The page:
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Posts Tagged ‘recovery’

Patients and bloggers often complain about their GPs’ lack of understanding of mental health, so I was interested to come across an article recently that suggests some ways in which the work of GPs (primary care) could be better aligned with mental health care.

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In a recent TED talk, an expert in the management of chronic pain in children explains neuropathic pain, a form of chronic pain in which the nervous system itself becomes faulty and creates the experience of intense pain, both the sensation of pain in the brain and the side-effects of injury in the affected (but not actually injured) part of the body.

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There’s a neurological model of colour perception that leads to surprising conclusions about colours, and interesting parallels with emotions.

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A recent research study that asked CBT therapists to reflect on their own thoughts illustrates unwittingly how poor some CBT training has become.

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I noticed today that Depression Awareness Week is coming, according the website of the charity Depression Alliance. This year it’s going to be the week of 11th-18th April — oh — well, I suppose I’m in no position to complain that they don’t update their website very often.

Like many sources of information and self-help about mental illness, Depression Alliance have a fuzzy definition of what mental illness is, and that’s much more serious.

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Last week the UK government published its mental health strategy for England. It contains some good news for patients, and some not so good news. It has its critics and its supporters. Whatever your view of it, if your are involved in mental health in the UK its three simple principles are going to be important to you in the coming years.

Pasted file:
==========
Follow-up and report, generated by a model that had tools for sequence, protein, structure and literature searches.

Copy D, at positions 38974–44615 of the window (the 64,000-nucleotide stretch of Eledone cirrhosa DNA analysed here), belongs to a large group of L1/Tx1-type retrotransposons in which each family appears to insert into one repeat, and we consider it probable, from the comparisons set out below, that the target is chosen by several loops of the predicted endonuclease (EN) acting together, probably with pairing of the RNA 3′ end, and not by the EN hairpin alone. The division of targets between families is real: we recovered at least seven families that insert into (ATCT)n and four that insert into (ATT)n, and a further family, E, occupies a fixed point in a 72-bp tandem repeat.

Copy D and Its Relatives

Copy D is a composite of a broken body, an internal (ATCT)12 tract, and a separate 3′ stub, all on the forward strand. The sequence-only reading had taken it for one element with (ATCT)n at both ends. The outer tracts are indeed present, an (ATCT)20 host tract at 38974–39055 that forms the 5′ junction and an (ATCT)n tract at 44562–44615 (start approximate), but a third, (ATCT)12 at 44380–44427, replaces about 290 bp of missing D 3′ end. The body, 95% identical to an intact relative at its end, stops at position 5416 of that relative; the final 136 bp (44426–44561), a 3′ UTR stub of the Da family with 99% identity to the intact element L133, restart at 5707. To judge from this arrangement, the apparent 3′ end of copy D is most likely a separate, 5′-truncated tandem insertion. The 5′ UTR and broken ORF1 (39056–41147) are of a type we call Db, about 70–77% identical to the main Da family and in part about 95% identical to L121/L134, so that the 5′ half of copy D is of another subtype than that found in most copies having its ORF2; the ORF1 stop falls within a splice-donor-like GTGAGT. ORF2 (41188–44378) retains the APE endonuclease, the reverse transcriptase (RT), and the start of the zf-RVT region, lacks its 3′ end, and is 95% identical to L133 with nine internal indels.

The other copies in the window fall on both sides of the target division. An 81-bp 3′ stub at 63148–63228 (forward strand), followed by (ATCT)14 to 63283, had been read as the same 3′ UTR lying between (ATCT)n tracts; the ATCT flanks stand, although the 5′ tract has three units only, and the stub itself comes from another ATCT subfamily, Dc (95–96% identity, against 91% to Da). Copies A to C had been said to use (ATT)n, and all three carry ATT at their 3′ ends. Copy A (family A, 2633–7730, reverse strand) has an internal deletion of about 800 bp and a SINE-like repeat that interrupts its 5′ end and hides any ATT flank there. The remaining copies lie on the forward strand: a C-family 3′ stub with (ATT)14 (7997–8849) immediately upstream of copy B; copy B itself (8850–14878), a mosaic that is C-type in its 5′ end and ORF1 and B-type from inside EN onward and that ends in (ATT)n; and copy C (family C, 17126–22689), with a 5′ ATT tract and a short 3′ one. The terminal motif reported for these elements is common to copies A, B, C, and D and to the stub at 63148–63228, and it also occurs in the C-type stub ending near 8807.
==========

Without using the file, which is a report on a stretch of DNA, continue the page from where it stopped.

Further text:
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booksThe wilful narrowness of much academic training for mental health professionals never ceases to astonish me.

Its worst effect is that those professionals who have the most impressive qualifications and titles can turn out to be be the least skilled treatment providers, which makes it very difficult for patients who are serious about recovery to find a competent therapist.

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At the edge of a state of mental illness, there is a boundary with normality. But where are the edges? These days we see one of the edges of mental illness becoming clearer, and another one becoming fuzzier. Strangely, the clear one is easier to lose sight of than the fuzzy one.

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Much of the information about mental illness promoted to the public over many years tells a story in which mental illness is a lifelong disability, incurable and hopeless. The mentally ill are fundamentally different from everyone else. They act strangely. They can be dangerous.

The fundamental difference, we have been told, is that the mentally ill have brains that are chemically unbalanced. It is just the way they are. When they take special drugs to restore the balance they can appear normal, but they are not really.

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The subtle assumption behind a date is that he and she know each other a little, but not too much. There has to be enough knowledge of the other to provide a basis for fantasy, yet not so much knowledge as to crowd out fantasy altogether. Somewhere in between there is a delicious just-rightness in which each feeds the fantasies of the other, bringing the date alive with the possibilities of intimacy, of romance, of sex and of love (not necessarily in that order).

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